The debate over which party to vote for might still be a question meant for a galaxy far, far away but the subjects that presidential hopefuls are battling it out on, range from Latin Americans to public-sector unions reforms
The papers are abuzz with the news that Jeb Bush has followed in the footsteps of almost the rest of the family and thrown his name into the Republican Presidential nominee ring. He is, in my view, the weakest link in the chain because his flashy gimmicks, worth millions, doesn’t really bring anything new to the political table, aside from seeking power in a swing state (a state where it is difficult to determine which of the party’s candidates, would win), to continue the legacy of the Republican Party and spread far-and-wide across America, the beliefs of his father, the former President George Bush Sr. The nomination for this party has become a hotly-contested seat, solely because of the campaigns the candidates have fought, and because of the kind of candidates that have contested for it.
Ted Cruz, Rand Paul, Marco Rubio, Chris Christie and Scott Walker are some of the prominent candidates in the race, and there has even been fringe candidates, such as Donald Trump who came to limelight with his “controversial” remarks on Hispanics in America – he doesn’t warm to them, a great deal, but there is no doubt that even he knows how to differentiate “the Hispanic problem” from the Hispanic population in America that need support. The frontrunner so far has been Marco Rubio, because a poll has revealed that most Republicans would like to see him in the White House. The questions over Hispanics is actually a really crucial one and it has become something that has dogged the Republicans for a long time.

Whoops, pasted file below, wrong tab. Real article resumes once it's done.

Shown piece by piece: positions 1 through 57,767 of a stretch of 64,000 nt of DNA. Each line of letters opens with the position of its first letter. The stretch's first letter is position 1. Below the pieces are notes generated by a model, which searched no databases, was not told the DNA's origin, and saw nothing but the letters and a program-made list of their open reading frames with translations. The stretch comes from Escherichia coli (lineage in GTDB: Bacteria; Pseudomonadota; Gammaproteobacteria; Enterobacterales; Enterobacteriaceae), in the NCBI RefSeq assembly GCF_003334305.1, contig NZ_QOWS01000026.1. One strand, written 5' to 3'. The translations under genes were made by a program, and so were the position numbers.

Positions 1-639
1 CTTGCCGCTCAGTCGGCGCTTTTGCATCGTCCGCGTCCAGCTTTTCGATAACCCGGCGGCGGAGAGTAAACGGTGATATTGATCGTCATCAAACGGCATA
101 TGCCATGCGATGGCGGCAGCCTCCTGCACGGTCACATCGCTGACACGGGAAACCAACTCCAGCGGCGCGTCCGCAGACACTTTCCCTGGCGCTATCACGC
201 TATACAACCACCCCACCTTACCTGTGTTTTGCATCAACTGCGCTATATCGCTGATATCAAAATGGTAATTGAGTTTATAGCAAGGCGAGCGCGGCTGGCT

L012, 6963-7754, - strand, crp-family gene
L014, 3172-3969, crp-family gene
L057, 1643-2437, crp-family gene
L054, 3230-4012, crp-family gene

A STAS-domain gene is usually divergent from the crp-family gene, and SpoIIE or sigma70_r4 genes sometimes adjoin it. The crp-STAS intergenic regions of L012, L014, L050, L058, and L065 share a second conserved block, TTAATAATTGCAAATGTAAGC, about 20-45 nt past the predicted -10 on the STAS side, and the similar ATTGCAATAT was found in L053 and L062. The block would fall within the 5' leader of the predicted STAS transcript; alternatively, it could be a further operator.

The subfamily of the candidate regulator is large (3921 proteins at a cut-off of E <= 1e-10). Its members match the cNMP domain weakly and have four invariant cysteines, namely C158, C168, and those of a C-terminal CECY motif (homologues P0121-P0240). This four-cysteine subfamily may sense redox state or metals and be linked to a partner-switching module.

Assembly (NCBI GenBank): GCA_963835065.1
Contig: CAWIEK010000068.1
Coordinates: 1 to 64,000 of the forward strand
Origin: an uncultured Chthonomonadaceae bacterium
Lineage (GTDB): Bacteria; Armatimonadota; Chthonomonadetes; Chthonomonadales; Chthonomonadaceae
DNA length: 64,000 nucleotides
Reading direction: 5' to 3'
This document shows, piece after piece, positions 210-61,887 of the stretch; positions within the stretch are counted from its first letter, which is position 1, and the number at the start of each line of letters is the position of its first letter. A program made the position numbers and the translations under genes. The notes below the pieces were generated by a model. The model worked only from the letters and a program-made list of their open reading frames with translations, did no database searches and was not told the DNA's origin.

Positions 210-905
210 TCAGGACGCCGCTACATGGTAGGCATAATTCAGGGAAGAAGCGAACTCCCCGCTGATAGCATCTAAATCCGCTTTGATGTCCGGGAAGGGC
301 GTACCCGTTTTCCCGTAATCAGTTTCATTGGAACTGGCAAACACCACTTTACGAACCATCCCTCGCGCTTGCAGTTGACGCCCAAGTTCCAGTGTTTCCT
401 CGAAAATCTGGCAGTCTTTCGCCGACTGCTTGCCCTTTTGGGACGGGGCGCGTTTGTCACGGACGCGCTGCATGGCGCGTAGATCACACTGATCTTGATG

As Hillary Clinton vouched to keep undocumented immigrants inside America, on the other side of the spectrum, Mitt Romney lost out on his seat in 2012, because he was against the idea – Romney wanted to see Hispanics leave America. I have never been kind to the idea of Latin Americans crossing over the border fences and come and seek a pathway to citizenship in America, simply as a means to escape the brutal totalitarian regimes that exist in that region. President Obama took a very “difficult” step when he planned to grant millions of undocumented immigrants the right to stay inside the country – a decision that Hillary Clinton, wholeheartedly supported.
This policy push has been an important political decision by the Obama administration; there is no doubt that immigration reform is a good cause but there is no denying that President Obama’s policy choice was rather unpopular, to certain political factions. Most Republicans and the American population are against the idea because they actually want to set a cap on immigration.
Hillary Clinton, meanwhile, seems so interested in engaging with that kind of Latino crowd – she is a sharp contrast in this whole leadership race, and nothing like her contemporaries in the Republican Party. GOP frontrunners prefer to refrain from engaging, with “that crowd” and focus on other more important matters in the United States, such as what to do over reforms to public-sector unions – it’s a good thing they are not familiar with the noises coming from those quarters about how engagement could lead to political stability because that would surely be the icing on the cake, in a smart field of political talk.